Fictitious boundary and moving mesh methods for the numerical simulation of particulate flow

Institute of Applied Mathematics (LS III), University of Dortmund, 44227, Dortmund, Germany; Institute of Applied Mathematics (LS III), University of Dortmund, 44227, Dortmund, Germany; School of Naval Architecture, Ocean and Civil Engineering, Shanghai Jiao Tong University, 200030, China

ABSTRACT This paper discusses numerical simulation techniques using a moving mesh approach together with the multigrid fictitious boundary method (FBM) for liquid-solid flow configurations. The flow is computed by an ALE formulation with a multigrid finite element solver (FEATFLOW), and the solid particles are allowed to move freely through the computational mesh which can be adaptively aligned by the moving mesh method based on an arbitrary grid. Numerical results show that the presented method can accurately and efficiently handle prototypical particulate flow situations.

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    ABSTRACT: We develop and analyze a numerical method for creating an adaptive moving grid in one-, two-, and three-dimensional regions. The method distributes grid nodes according to a given analytic or discrete weight function of the spatial and time variables, which reflects the fine structure of the solution. The weight function defines a vector field, which is used to construct a transformation of the computational domain into the physical domain. We prove that the resulting grid has the prescribed cell sizes and that no “mesh tangling” occurs. Numerical implementation of the method utilizes an efficient and robust least-squares solver to compute the vector field and a fourth-order Runge-Kutta scheme to determine the transformation. Results of several numerical experiments in one- and two-dimensions are also presented. These results indicate, among other things, that the method accurately redistributes the nodes and does not tangle the mesh. © 1996 John Wiley & Sons, Inc.
    Numerical Methods for Partial Differential Equations 07/1996; 12(4):489-506. · 1.21 Impact Factor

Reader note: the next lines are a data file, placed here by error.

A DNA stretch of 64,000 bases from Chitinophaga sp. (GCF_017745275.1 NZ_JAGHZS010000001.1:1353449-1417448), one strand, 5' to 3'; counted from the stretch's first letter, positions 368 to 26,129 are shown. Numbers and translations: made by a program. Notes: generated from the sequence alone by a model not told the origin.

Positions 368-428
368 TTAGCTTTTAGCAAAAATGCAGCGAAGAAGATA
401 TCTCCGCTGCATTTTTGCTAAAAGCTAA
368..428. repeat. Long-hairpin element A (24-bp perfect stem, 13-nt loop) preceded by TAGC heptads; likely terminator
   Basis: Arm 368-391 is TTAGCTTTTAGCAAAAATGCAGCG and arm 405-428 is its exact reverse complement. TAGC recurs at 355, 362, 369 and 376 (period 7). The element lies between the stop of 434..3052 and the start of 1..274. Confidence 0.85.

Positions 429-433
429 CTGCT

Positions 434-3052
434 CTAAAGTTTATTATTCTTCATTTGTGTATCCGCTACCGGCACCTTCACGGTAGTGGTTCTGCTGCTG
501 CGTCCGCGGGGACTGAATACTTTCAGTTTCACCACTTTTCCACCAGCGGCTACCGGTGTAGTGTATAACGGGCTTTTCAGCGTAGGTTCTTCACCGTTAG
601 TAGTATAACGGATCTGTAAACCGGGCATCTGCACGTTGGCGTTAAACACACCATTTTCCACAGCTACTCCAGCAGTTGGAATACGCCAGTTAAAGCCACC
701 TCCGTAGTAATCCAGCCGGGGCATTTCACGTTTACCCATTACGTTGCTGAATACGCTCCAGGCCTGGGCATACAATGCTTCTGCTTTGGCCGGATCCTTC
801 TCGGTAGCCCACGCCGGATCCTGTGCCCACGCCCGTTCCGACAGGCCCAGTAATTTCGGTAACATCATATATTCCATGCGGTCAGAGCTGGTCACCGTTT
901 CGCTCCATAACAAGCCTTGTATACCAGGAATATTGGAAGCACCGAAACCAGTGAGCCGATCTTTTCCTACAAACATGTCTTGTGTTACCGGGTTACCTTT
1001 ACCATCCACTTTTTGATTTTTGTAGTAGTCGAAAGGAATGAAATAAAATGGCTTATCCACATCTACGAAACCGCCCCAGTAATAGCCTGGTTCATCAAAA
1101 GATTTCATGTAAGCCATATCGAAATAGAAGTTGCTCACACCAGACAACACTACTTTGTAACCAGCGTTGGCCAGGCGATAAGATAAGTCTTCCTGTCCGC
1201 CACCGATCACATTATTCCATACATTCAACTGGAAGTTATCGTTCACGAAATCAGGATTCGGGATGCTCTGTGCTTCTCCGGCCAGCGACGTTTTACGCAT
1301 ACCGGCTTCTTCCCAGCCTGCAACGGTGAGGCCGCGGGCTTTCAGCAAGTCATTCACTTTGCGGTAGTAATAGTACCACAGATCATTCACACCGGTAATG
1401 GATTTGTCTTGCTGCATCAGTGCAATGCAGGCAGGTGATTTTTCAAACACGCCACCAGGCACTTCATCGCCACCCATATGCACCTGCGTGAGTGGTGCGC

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    ABSTRACT: Since the initial publication of Hu et al. (1992, Theor. Comput. Fluid Dyn.3, 285), the numerical method developed for direct simulations of fluid–solid systems using the arbitrary Lagrangian–Eulerian (ALE) technique has undergone continuous modifications. Some of the modifications were described in H. H. Hu (1996, Int. J. Multiphase Flow22, 335). In this paper, we will present the most up-to-date implementation of the method and the results of several benchmark test problems.
    Journal of Computational Physics 05/2001; · 2.14 Impact Factor
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    ABSTRACT: A Lagrange-multiplier-based fictitious-domain method (DLM) for the direct numerical simulation of rigid particulate flows in a Newtonian fluid was presented previously. An important feature of this finite element based method is that the flow in the particle domain is constrained to be a rigid body motion by using a well-chosen field of Lagrange multipliers. The constraint of rigid body motion is represented by u=U+ω×r; u being the velocity of the fluid at a point in the particle domain; U and ω are the translational and angular velocities of the particle, respectively; and r is the position vector of the point with respect to the center of mass of the particle. The fluid–particle motion is treated implicitly using a combined weak formulation in which the mutual forces cancel. This formulation together with the above equation of constraint gives an algorithm that requires extra conditions on the space of the distributed Lagrange multipliers when the density of the fluid and the particles match. In view of the above issue a new formulation of the DLM for particulate flow is presented in this paper. In this approach the deformation rate tensor within the particle domain is constrained to be zero at points in the fluid occupied by rigid solids. This formulation shows that the state of stress inside a rigid body depends on the velocity field similar to pressure in an incompressible fluid. The new formulation is implemented by modifying the DLM code for two-dimensional particulate flows developed by others. The code is verified by comparing results with other simulations and experiments.
    International Journal of Multiphase Flow 09/2000; · 1.72 Impact Factor


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